The first work carried out in this field is the work of Chamley who, as early as 1960, used the possibility of obtaining the controlled hardening of a mixture [methyl methacrylate (MMA)]/[poly(methyl methacrylate) (PMMA)], at a temperature much lower than that generally required by this type of polymerisation. The polymerisation of MMA, responsible for hardening, is the result of the combination of 2 complementary phenomenon: acceleration of the initiator decomposition and the gel effect.
Basic mechanism of cement mass setting
The accelerating decomposition of the initiator is achieved by oxidoreduction, a reaction with a low energy activation. In acrylic cements, the oxidation-reduction couple consists of the mixture benzoyl peroxide (BPO)/dimethyl-p-toluidine (DMPT) :
At a given temperature, the decomposition rate of BPO is controlled by the proportion of DMPT.
The gel effect (or Tromsdorff effect) is a phenomenon related to the difficulty of the active chains carrying a free radical to move in the highly viscous medium resulting from the dissolution of PMMA in MMA. The termination reactions that can only result from the meeting of 2 free radicals are then slowed down and polymerization accelerates because the system leaves the quasi-stationary state. In other words, the strong slowing down of the termination reactions induces an increase in the number of active chains and in the kinetic of polymerisation which can reach the explosive stage.
The cement formulation must take this phenomenon into account and also take into account the [BPO]/[MMA] and [BPO]/[DMPT] ratios so that the curing process of the mixture is completed in a time compatible with the surgical constraints (up to 24 hours).
The implementation of the process consists of mixing – just before the surgical act – on the one hand, PMMA, benzoyl peroxide, opacifying filler and possible solid additives with, on the other hand, MMA and DMPT. Polymerisation starts immediately at room temperature and continues until the system has fully set and the prosthesis is sealed.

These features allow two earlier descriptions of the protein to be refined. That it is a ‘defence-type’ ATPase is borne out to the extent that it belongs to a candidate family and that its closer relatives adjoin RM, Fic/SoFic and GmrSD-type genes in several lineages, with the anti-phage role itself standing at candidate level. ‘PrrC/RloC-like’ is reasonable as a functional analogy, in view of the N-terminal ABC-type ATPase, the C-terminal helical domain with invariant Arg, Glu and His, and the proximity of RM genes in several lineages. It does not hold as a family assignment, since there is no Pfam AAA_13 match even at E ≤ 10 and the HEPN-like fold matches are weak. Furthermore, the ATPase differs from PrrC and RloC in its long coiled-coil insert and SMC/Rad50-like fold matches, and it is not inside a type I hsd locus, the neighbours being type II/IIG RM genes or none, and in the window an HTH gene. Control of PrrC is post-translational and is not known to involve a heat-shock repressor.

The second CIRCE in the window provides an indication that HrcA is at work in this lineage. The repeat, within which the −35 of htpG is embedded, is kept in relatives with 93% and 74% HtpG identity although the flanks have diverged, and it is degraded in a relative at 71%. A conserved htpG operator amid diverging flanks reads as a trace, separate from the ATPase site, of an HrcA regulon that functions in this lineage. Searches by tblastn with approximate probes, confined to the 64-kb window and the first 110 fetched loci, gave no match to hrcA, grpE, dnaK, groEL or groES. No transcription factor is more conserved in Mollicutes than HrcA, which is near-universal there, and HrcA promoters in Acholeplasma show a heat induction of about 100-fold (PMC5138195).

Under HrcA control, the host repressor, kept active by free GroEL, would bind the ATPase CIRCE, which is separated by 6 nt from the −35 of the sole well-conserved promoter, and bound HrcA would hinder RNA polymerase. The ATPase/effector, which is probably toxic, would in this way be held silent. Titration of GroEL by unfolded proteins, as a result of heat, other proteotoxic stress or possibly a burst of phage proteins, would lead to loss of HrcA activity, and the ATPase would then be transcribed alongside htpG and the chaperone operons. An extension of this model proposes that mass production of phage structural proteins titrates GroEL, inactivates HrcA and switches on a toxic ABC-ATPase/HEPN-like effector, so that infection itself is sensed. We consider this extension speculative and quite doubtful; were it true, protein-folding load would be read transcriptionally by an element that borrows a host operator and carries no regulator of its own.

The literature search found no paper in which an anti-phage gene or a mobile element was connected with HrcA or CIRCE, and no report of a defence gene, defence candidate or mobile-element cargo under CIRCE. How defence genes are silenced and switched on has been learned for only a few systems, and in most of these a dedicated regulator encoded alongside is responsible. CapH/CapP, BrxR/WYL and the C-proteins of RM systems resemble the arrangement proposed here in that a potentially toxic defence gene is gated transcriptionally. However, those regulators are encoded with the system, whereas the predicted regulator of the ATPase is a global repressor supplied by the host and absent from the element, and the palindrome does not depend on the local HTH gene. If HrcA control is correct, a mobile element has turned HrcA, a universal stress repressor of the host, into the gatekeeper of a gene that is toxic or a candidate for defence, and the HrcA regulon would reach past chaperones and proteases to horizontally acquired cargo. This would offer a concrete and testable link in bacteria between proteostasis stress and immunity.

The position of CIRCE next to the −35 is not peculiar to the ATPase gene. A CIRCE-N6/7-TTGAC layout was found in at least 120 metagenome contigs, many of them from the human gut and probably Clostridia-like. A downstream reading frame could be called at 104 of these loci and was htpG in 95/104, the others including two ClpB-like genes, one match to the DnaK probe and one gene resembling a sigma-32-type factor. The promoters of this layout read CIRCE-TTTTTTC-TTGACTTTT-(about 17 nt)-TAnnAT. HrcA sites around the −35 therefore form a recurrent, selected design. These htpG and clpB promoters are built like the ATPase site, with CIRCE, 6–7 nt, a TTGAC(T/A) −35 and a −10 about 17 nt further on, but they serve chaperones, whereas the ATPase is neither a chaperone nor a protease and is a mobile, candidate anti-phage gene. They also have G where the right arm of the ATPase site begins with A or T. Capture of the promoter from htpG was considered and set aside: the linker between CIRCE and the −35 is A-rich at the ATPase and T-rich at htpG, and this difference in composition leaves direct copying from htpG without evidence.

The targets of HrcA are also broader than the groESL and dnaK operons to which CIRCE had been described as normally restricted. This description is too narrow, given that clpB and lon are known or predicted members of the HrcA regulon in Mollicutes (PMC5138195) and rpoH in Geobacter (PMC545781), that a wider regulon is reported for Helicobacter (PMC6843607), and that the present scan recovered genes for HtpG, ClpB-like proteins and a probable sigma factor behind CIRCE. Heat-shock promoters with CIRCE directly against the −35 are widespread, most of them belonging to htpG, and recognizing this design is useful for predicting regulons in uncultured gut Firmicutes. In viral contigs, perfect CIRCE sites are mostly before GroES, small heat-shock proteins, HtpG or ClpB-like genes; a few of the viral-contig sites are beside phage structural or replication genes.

Application of acrylic bone cement in arthroplasty
For most uses, cement acts by filling the crevices between the prosthesis and the bone, so there is no need for reciprocal adhesion. If necessary, however, this adhesion can be achieved by replacing part of the MMA with hydroxyethyl methacrylate (HEMA).
The initial viscosity of the mixture must be adapted to the type of use of the cement: very fluid for vertebroplasty, highly viscous for anchoring a femoral prosthesis, and of intermediate viscosity for anchoring a knee prosthesis.
In order to reduce the risk of infection during surgery, the cements are supplemented with antibiotics such as Gentamicin. The addition of a neutral filler, such as barium sulphate, acts as a radio-opacifier and allows radiographic monitoring of the seal.
The rise in temperature due to mass polymerisation causes necrosis of the tissues in contact with the cement. Attempts have been made to reduce the mass enthalpy of polymerization; the replacement of part of the MMA by heavy alkyl methacrylates has proved effective. However, in use, it was found that the increase in temperature – which appeared to be a disadvantage – helped the cauterisation of the blood vessels and was essential for the smooth running of the operation.